An Adulterated Education, Part 1: Kurt Vonnegut, Jr.: “No kid ever learned anything from Sesame Street.”

January 7, 2020

A bit back in my personal timeline, I had an opportunity to spend the better part of an afternoon with one of my favorite writers/human beings, Kurt Vonnegut, Jr. When I was in college, having read Slaughterhouse Five, Cat’s Cradle, Breakfast of Champions, Hocus Pocus, God Bless You, Mr. Rosewater, et. al, I considered him a prophet, if not a deity. Still do. We ate orange slices that he peeled as we sat in the expansive kitchen of his Manhattan townhouse watching the sun dapple through the leaves of his backyard and cast prismatic rainbows onto the wooden table through the stained glass ornaments in the windows. From time to time, I’ll mine the many interviews I’ve done with accomplished people to bring you their views on education, reading, and writing.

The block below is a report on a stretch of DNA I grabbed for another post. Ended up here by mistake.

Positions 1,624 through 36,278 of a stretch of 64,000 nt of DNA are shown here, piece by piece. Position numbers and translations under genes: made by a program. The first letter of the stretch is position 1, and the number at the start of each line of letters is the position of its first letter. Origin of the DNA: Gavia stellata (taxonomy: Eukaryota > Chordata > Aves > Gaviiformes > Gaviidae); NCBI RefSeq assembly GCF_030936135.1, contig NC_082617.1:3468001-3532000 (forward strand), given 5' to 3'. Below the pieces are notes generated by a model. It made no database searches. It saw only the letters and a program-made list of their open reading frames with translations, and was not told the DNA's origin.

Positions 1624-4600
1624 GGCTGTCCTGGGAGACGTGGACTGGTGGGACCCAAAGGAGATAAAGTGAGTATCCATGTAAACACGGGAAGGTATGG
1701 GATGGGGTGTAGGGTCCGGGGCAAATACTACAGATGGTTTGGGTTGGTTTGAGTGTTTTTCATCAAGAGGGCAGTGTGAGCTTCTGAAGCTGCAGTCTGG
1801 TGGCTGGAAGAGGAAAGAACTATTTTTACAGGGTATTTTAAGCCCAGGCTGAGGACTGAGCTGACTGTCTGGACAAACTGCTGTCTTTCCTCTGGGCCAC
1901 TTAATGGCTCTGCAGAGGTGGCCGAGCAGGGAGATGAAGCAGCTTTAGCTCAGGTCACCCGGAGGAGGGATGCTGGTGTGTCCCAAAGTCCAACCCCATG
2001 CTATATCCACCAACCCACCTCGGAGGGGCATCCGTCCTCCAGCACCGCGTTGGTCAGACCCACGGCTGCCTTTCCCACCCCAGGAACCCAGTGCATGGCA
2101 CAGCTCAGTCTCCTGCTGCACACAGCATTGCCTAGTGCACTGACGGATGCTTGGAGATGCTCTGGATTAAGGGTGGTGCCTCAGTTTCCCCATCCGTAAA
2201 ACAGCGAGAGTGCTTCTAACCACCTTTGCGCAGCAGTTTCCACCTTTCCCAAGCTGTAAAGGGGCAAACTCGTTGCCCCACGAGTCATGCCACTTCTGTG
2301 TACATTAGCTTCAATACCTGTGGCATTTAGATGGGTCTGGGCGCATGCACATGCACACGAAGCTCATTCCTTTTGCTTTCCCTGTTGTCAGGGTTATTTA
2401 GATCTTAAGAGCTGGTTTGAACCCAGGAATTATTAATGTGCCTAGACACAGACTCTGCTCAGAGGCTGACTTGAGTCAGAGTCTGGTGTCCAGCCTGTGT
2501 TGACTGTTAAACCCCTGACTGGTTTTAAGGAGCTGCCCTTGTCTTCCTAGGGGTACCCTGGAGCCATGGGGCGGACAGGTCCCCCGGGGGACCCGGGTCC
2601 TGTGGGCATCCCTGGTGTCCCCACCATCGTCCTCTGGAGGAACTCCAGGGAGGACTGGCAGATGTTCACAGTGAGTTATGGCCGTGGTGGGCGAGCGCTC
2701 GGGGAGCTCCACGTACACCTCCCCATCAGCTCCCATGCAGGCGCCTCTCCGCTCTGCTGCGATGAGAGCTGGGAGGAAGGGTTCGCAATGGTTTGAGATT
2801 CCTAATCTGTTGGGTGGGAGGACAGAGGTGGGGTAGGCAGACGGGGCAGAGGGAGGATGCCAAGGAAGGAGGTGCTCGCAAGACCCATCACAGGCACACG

“Since I could put letters together into words I’ve been cow-blasted by the written word and the power it has to tell the truth. Images are easily manipulated because they don’t require the filter of a common culture. Images go right for the jugular. Pure propaganda. Today, people are swamped with images rather than words on a page. When I was still going to them, movies had scripts with pacing based on literary conventions. Reading was so much more a part of our lives. Before TV, everybody knew Moby-Dick. We even knew the Bible, for Christ’s sake. Now, we know The Simpsons. I’m sure it’s a fine show. I’ve never watched it, but I’ve seen the t-shirts, and they look funny. And yet I can’t talk about it, and that’s the thing. We don’t have a common culture anymore, but it doesn’t matter that much since most people lead lives hardly worth living. Okay. The truth is I’m sorry television exists, but it does. It’s like a rotten teacher in high school, except it’s everybody’s teacher. It’s a teacher that teaches nothing. No kid ever learned anything from Sesame Street. The news presents history without consequences. Good shows are good to see like gymnastics is good to see. What good does a somersault do anybody? Not much, but it’s fun to watch. It might even be good for our souls. Television just might be one of those things that make life worth living, along with organized religion and cigarettes. And yet you have to be careful. Those things, like the thalidomide that made all those poor babies deformed in the 1950s, or the lead the Romans cleverly put in their pipes, have side effects. I bet the Romans didn’t think they could be any stupider or lazier. Neither do we. And yet, there you have it.”

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